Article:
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Dosulepin is relatively mild and is used for low level anxiety depression and similar disorders, particularly where insomnia and/or loss of appetite are present. It can take between two and four weeks of regular usage to become effective, it is often started at a low level and the dosage increased if this is ineffective. The drug causes drowsiness as a side-effect, and this may be used as part of the treatment, since anxiety depressive patients may have difficulty sleeping, but it can be combined with other drugs such as temazepam.
The most common side-effects are drowsiness and dry mouth. Other less common side-effects may include:
These side-effects cease when treatment ceases. Alcohol should be avoided whilst taking dosulepin as it may increase some side-effects.
Whilst dosulepin is not addictive, it should not be stopped suddenly as there is a risk of initial withdrawal symptoms which may be mistaken for some of the original indications for the drug:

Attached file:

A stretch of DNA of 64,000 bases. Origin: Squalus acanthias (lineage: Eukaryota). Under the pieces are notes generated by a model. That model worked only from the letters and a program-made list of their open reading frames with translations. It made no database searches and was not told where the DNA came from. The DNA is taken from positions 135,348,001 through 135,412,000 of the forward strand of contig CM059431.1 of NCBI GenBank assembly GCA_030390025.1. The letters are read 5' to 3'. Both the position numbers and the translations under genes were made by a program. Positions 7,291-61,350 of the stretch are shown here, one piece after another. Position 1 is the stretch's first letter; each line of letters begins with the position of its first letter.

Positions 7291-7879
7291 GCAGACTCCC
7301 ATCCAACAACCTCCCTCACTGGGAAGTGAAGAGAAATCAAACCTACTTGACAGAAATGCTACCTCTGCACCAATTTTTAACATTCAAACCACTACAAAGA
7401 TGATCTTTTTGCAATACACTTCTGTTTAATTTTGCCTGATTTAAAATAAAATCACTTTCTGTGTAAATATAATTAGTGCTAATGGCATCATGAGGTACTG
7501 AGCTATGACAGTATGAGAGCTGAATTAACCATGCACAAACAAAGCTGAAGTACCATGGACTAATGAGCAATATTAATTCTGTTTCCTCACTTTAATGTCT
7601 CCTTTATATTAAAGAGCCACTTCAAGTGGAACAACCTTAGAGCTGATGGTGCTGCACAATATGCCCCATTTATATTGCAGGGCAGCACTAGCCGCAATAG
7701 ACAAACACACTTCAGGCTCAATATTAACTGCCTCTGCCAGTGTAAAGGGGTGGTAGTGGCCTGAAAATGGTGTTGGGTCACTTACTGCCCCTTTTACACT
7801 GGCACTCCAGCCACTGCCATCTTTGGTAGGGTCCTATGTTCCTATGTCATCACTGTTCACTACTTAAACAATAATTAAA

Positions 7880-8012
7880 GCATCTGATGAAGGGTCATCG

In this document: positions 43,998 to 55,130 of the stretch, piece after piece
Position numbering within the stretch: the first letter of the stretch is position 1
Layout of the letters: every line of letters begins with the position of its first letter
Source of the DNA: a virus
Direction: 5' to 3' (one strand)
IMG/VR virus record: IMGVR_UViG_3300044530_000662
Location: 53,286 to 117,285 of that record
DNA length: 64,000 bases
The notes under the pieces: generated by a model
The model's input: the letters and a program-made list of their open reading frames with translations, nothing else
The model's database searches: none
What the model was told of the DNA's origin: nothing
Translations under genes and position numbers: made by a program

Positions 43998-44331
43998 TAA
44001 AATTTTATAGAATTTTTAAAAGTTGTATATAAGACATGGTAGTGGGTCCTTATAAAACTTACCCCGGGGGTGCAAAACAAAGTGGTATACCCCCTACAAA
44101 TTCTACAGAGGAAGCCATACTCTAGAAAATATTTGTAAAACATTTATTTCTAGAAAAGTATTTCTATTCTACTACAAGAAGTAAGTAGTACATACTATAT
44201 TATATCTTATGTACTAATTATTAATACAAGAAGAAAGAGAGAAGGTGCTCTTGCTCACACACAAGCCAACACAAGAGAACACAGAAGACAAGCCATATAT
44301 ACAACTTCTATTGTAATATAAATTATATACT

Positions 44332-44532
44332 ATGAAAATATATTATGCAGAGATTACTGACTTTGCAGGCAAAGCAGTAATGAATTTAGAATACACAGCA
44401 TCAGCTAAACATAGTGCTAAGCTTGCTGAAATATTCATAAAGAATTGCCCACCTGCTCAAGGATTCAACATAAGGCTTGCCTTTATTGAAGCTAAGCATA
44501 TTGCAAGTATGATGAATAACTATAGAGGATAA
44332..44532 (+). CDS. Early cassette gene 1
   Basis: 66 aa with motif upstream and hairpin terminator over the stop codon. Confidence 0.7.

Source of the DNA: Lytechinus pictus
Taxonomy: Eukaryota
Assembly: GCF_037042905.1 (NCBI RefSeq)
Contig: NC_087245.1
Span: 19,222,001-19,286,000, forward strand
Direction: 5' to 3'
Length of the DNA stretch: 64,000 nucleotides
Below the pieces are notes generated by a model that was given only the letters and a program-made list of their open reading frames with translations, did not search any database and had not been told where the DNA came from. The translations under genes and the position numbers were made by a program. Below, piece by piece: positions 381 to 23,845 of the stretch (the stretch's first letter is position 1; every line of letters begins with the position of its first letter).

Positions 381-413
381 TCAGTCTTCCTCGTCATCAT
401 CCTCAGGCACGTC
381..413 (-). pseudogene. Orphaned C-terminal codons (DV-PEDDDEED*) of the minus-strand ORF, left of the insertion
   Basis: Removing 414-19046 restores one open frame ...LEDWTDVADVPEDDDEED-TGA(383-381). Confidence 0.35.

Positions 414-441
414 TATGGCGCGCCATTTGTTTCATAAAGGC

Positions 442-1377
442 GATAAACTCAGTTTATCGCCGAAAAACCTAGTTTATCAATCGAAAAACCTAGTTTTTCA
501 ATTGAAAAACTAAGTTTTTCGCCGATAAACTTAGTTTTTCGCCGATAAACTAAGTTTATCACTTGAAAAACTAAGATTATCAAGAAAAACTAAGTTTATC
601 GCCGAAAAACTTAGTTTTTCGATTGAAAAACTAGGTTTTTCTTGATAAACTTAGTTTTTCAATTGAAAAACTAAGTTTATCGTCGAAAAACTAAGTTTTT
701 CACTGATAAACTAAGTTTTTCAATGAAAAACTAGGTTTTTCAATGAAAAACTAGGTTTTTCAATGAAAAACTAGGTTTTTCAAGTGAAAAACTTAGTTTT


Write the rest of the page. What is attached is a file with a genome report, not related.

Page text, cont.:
This drug should not be started within 2 weeks of stopping a monoamine oxidase inhibitor (MAOI) antidepressant, and should not be co-administered with any selective serotonin reuptake inhibitor (SSRI) antidepressant such as fluoxetine), or any medication which affects the electrical impulses to the heart (e.g. astemizole, halofantrine or terfenadine).
The drug is not recommended for use by children nor taken in combination with some other drugs, including herbal remedies.
The symptoms and the treatment of an overdose are largely the same as for the other tricyclic antidepressants.
|This article is licensed under the GNU Free Documentation License. It uses material from the Wikipedia article "Dosulepin_hydrochloride". A list of authors is available in Wikipedia.|